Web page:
After introducing the problem and then defining this second model of inspiration, Rice spends the remainder of the book comparing Luke's Gospel record with that of the other Gospel writers. Rice candidly states that significant variations exist among the different Gospel accounts and that these variations are not simply "minor discrepancies" (pp. 71-82). He feels such variations are often the result of theological purposes of the writer.

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Monthly book reviews by various authors

April 1984

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More Articles In This Issue

One Thousand Days of Reaping: the midpoint

During the first year of the One Thousand Days of Reaping, an average of 1,032 persons per day have united with the church! Now that the midpoint in time has been reached, the world director of this priority thrust for evangelism reviews what has happened since the program began and looks ahead to its conclusion and beyond. "Soul winning," he says, "is dependent upon divine agencies and must ever remain in first place on the church's agenda."

Preaching the Word

We, know our preaching should be Biblical—but how can we best use tine Bible in our sermons? The author suggests ways in which the Bible can shape our sermons, nurturing our congregations with God's thoughts and not merely our own. He calls for a balance in using both the Old and New Testaments, and indicates both the preparation and sermon types most fruitful with each.

Typology and the Levitical system—2

The author concludes his two-part series with this article. In it he deals with the questions as to whether there is a basic continuity between sanctuary type and antitype, and what role Hebrews plays in interpreting the Old Testament sanctuary. Is Hebrews the only New Testament interpretation of the sanctuary and its services and must it be regarded as the only and ultimate norm in interpreting them?

Where is the North American Division going?

Historically, there has been a unique relationship between the General Conference and North America that has resulted in a different organization and operation for the North American Division as compared to other divisions. Since the 1980 General Conference session, certain restructuring of the North American Division has been taking place, making it, in some respects, more like its counterparts in the rest of the world. Recently MINISTRY editor]. R. Spangler interviewed Charles Bradford, General Conference vice-president for North America, and Robert Dale, administrative assistant to the vice-president for North America, about the new situation and probed their aspirations and outlook for the division.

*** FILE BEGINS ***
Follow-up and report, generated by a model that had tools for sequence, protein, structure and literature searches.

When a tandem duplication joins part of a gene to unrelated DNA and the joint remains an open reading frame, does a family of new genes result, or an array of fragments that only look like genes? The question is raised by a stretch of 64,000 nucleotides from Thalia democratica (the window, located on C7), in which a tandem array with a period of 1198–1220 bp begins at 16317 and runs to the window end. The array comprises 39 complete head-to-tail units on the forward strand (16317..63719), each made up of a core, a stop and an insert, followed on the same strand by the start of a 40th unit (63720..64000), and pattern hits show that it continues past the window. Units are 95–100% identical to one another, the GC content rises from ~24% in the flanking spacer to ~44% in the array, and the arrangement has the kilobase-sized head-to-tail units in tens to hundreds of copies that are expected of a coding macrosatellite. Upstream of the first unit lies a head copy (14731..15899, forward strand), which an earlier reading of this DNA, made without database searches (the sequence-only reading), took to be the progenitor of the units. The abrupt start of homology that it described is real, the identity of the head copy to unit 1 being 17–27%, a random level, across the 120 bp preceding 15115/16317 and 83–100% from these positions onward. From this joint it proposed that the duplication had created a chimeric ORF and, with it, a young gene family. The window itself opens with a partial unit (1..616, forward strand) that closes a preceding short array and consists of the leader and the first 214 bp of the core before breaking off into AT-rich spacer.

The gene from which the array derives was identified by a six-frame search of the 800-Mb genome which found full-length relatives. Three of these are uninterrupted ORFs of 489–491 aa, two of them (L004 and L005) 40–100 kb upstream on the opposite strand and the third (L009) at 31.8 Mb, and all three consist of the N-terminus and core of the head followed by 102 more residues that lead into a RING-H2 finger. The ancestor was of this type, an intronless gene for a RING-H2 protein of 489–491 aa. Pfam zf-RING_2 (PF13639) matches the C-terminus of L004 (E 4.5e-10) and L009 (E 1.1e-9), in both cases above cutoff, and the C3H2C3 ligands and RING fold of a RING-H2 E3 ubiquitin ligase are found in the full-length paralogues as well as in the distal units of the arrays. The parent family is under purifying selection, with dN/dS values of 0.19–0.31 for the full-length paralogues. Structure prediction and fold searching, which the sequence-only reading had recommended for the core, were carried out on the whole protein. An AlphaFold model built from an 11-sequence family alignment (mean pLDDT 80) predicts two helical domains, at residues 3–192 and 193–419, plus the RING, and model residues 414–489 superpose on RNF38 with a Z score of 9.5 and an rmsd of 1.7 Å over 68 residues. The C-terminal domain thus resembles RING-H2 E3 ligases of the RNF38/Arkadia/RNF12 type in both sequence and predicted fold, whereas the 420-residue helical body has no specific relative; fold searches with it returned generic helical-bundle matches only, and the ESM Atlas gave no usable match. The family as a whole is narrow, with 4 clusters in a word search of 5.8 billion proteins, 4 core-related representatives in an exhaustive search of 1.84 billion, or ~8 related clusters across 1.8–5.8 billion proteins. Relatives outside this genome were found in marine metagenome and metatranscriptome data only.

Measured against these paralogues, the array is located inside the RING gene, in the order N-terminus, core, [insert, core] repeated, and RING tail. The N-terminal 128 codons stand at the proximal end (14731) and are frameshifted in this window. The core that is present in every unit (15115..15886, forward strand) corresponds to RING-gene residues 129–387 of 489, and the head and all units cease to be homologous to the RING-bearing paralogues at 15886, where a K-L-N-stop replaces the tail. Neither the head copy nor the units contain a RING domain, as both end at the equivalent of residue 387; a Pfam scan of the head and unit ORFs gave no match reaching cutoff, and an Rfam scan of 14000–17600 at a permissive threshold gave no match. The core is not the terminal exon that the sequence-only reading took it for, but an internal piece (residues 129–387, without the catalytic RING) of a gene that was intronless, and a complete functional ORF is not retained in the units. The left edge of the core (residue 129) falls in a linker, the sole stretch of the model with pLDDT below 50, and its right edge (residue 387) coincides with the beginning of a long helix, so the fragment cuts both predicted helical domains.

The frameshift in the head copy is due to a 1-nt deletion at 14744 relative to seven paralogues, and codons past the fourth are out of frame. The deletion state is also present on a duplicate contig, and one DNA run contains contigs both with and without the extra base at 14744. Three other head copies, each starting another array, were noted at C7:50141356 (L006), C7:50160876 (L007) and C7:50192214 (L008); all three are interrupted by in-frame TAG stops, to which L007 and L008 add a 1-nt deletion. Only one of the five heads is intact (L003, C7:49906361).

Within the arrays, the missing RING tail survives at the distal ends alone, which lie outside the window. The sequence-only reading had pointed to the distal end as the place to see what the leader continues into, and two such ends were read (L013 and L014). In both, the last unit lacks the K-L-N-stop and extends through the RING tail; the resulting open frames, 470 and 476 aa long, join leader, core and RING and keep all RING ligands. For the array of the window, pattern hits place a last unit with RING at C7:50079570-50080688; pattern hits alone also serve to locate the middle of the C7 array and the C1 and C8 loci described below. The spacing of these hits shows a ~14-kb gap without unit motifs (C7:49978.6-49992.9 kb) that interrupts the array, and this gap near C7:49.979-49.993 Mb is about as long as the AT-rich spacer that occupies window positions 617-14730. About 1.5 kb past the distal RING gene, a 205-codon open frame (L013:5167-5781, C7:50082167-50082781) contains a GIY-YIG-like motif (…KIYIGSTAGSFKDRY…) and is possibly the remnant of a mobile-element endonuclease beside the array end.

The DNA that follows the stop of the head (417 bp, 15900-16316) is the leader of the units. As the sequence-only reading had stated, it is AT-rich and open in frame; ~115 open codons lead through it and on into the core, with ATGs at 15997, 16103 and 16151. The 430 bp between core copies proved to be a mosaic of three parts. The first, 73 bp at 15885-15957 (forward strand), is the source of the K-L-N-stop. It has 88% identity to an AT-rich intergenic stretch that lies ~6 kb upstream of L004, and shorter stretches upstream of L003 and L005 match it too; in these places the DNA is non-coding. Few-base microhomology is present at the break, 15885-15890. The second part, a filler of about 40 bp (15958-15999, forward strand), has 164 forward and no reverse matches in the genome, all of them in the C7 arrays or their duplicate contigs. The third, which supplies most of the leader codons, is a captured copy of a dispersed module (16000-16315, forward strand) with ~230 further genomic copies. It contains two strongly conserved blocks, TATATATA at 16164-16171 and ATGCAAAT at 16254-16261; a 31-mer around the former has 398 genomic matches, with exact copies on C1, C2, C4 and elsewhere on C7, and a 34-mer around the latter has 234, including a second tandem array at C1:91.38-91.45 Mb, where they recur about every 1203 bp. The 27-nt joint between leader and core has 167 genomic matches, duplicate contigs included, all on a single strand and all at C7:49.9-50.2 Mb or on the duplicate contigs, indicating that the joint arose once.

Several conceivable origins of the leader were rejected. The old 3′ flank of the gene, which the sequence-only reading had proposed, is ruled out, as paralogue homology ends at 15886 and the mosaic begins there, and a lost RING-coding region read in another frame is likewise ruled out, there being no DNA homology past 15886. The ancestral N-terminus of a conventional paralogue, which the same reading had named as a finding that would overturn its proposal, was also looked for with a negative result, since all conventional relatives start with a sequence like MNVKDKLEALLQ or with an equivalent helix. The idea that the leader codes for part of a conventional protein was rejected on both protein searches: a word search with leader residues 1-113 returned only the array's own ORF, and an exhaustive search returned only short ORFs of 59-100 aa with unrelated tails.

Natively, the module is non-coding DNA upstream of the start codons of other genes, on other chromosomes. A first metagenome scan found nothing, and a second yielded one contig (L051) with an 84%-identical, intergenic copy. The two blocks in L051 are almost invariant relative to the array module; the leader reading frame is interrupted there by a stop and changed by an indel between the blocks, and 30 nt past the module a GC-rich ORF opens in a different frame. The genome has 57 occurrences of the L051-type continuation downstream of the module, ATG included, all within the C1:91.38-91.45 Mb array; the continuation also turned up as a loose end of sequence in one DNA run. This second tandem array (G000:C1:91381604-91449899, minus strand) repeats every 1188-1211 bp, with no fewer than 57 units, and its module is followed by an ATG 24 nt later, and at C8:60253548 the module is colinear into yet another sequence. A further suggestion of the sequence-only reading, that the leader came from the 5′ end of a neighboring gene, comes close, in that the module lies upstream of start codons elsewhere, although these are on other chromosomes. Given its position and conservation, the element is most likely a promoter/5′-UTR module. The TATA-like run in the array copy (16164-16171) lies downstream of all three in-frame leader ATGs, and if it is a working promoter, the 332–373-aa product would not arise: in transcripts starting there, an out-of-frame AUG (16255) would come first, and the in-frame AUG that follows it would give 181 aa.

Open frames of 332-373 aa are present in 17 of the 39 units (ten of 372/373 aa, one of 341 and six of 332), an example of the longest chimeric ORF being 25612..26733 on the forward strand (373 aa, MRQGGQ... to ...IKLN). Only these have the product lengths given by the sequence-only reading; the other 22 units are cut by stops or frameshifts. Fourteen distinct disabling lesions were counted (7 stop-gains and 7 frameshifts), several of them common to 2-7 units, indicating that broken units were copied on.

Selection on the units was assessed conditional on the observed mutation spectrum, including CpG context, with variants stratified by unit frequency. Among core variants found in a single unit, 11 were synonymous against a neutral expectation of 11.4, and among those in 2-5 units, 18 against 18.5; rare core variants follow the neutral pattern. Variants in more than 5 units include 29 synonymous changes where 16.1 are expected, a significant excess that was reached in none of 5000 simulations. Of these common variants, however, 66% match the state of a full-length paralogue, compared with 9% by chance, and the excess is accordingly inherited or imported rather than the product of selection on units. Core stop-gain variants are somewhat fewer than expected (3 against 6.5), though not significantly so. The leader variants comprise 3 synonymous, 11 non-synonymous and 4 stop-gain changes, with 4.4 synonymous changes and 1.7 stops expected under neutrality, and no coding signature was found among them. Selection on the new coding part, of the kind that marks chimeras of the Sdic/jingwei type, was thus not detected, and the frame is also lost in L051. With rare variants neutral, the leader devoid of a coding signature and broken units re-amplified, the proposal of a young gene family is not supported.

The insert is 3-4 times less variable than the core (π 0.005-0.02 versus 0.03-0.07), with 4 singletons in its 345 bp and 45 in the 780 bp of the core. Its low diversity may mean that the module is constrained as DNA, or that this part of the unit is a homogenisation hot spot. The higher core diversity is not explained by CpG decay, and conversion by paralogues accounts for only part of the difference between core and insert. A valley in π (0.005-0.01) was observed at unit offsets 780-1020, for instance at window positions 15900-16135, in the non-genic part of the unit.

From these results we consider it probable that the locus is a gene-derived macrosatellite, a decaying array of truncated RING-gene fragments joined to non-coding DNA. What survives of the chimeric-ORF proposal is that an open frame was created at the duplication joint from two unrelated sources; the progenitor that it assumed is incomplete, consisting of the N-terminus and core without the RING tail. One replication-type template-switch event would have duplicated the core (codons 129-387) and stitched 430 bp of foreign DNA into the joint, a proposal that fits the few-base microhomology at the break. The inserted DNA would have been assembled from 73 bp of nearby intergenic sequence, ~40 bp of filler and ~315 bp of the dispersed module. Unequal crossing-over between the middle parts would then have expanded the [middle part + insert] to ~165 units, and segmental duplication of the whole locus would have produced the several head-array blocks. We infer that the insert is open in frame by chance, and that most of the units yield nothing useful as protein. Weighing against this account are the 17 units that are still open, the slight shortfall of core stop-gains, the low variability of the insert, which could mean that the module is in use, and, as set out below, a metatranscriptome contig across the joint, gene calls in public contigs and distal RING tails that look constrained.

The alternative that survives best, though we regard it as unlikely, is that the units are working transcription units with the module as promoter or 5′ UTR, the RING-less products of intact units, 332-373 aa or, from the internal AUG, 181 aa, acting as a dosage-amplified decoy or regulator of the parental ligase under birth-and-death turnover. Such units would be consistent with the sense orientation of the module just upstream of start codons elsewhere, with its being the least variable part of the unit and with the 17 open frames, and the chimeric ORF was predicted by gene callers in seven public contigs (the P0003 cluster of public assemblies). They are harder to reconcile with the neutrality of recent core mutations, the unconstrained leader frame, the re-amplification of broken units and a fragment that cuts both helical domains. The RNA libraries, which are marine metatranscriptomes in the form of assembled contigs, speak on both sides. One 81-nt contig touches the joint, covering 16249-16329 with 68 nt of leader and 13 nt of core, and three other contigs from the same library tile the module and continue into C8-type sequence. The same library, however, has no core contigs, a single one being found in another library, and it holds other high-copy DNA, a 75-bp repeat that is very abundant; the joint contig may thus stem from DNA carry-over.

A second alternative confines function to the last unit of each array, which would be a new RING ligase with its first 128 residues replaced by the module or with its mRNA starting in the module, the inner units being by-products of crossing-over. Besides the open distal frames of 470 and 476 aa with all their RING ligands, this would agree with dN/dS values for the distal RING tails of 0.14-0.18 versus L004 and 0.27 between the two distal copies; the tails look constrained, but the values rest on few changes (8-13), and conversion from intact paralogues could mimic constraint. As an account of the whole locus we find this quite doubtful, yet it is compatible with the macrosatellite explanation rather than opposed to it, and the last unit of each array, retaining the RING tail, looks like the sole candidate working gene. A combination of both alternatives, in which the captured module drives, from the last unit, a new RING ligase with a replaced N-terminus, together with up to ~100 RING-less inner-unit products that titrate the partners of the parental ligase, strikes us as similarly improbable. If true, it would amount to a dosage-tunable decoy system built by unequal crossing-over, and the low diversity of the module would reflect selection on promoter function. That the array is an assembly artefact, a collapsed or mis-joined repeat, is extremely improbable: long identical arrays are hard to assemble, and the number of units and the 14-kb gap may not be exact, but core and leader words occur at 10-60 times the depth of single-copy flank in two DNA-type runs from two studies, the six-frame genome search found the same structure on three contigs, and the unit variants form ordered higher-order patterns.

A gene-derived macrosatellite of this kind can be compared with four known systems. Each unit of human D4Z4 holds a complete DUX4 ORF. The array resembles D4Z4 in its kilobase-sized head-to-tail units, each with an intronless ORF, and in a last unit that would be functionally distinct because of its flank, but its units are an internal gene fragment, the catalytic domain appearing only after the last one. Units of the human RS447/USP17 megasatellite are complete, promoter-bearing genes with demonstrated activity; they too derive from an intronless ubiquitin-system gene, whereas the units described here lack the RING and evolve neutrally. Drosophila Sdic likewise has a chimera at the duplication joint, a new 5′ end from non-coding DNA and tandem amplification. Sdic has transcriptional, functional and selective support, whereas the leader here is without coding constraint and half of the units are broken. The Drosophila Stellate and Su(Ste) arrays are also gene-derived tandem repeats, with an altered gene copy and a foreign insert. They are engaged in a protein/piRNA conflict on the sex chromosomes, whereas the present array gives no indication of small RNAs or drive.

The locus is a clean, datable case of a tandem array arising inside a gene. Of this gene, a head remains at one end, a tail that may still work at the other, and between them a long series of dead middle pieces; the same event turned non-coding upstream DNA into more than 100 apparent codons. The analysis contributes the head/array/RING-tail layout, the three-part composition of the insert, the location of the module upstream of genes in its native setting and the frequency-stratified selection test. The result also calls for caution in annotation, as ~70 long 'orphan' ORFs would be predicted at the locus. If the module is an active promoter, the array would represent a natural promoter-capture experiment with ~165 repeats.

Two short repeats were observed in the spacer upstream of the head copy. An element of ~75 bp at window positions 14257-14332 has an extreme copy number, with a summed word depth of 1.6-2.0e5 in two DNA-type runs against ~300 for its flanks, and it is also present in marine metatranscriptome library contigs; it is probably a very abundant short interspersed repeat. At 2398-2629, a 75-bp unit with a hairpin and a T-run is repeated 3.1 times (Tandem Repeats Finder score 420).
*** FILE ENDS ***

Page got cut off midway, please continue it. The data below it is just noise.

What I expect of a pastor

In February we published Lawrence Downing s article as to what he, as a pastor, expects of a conference administrator. In this article Philip Follett gives the complementary view what he, as an administrator, expects of a pastor. He discusses what he expects a pastor to be, what he expects him to do, and he indicates some of the means by which he measures the pastor's performance.

Ellen G. White and Biblical chronology

In her writings, Ellen G. White frequently made references to Biblical chronology—and a number of these references relate to Creation and the age of the earth. Many chronologies were available to her. Which one did she use? And how did she use it? The author considers these and other questions important for our understanding of her statements on chronology.

Growing members that read

The Christian who doesn't read is likely to be experiencing a very average relationship with his Lord and with the church. One of the best services you can provide your people is to encourage them to read.

Five faces of the minister's wife

Most people find their lives divided into stages—and wives of pastors are no exception. While the times of transition between stages often bring extra stress, you can meet them successfully.